Supercomputer modeling opens the door for developing new methods of HIV treatment, scientists
In the middle of last week Nature published the results of a study that established that the naturally occurring compound inositol hexakisphosphate (IP6), involved in both assembly and maturation of HIV-1, could be the key to developing new methods of treating the virus.
The international group of researchers, led by specialists from Cornell University (USA), managed to use the capabilities of the most powerful supercomputers for system simulations of the key block in the protective capsid HIV-1, to trace in detail the interaction of the molecule of inositol hexakisphosphate (IP6), which assists both assembly and maturation HIV-1, with structural HIV proteins.
According to scientists, the molecule IP6 plays a key role in the development of the virus.
"We, in collaboration with other researchers, have discovered that HIV uses this small molecule to perform its function," said co-author Juan R. Perilla of the Department of Chemistry and Biochemistry at the University of Delaware.
"This small molecule acts on two different stages of the virus assembly," added Robert Dick, a PhD student at the Volker Vogt Laboratory.
Perilla was responsible for modeling the interaction of IP6 with structural proteins of HIV CA-CTD-SP1 on NAMD using the XSEDE, Extreme Science and Engineering Environment, funded by the National Science Foundation.
"XSEDE provides a unique structure that allows us to use unique computing resources that meet the needs of a particular scientific problem. In addition, the system allows us to develop new analysis tools", Perilla said.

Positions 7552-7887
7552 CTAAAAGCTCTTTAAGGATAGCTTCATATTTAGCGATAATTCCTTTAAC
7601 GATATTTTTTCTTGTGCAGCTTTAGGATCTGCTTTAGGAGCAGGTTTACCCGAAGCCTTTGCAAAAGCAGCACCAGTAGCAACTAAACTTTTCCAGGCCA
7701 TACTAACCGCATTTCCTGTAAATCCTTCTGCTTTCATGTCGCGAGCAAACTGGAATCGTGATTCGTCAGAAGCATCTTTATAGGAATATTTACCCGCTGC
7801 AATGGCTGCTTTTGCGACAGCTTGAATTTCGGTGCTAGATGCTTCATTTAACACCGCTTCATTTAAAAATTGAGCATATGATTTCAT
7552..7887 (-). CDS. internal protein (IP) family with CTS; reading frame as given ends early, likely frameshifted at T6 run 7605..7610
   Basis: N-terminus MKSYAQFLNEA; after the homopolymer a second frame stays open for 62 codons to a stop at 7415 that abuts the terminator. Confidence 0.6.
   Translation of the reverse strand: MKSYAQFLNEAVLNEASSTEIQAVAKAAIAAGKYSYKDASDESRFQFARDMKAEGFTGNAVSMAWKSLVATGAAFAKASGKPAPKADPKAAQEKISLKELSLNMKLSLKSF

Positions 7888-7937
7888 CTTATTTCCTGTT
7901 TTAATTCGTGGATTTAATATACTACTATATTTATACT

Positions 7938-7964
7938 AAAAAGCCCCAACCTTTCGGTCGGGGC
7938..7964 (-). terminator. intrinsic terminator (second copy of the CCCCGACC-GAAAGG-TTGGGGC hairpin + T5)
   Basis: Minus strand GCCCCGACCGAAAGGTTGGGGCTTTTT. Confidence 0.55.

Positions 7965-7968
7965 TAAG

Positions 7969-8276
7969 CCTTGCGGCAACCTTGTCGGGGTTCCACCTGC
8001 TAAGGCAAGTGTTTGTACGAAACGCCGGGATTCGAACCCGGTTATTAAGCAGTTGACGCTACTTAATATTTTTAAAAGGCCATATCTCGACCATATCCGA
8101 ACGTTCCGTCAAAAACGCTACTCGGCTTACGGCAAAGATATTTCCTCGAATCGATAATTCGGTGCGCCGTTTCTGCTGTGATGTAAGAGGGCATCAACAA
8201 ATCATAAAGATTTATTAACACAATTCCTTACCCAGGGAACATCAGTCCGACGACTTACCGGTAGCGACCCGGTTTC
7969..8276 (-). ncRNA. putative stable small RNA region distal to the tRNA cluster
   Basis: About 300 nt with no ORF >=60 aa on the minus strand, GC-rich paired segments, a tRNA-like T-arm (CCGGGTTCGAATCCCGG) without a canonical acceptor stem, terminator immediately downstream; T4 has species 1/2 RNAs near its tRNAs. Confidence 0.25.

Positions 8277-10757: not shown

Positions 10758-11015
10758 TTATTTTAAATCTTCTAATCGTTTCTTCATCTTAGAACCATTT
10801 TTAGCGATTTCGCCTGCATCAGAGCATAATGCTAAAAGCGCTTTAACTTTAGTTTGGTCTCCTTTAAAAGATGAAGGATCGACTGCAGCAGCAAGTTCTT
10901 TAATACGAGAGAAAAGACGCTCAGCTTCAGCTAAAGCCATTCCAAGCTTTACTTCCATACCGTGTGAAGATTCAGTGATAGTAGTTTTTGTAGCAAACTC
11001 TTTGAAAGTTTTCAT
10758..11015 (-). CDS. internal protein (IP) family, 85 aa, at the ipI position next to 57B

The work included also modeling on the Anton2 system of the Pittsburgh supercomputer center. The latter allowed long-term simulations to test the stability of the "immature assembly" of HIV and IP6 capsids.
Through XSEDE, the Stampede2 system at the Texas Advanced Computing Center simulated NAMD phosphatases of inositol IP3, IP4 and IP5 and their interactions with HIV proteins CA-CTD-SP1.
"Stampede2 allowed us to establish that the molecular interactions between HIV proteins and this small molecule stabilize a certain part of the virus," said Juan Perilla.
Talking about the results of the work, the scientist noted that in the search for solutions to the most difficult problems, specialists are increasingly inclined to use ultra-modern technical devices. According to him, only with the help of a computational microscope can we trace the processes in dynamics today.
"Many experimental methods are just a snapshot. With the help of a computer microscope, you can see how everything is going in the dynamics, "Perilla said.
"The results of this study open the door for the development of new methods of treatment," the scientist believes.
One of the possible options involves the development of compounds similar to IP6, and their binding to the same areas of HIV, that is, blocking the functions of the molecule and preventing the maturation of the virus.
"A cell can create millions of virus particles, but if they do not pass the maturation process, they are safe," Dick explained.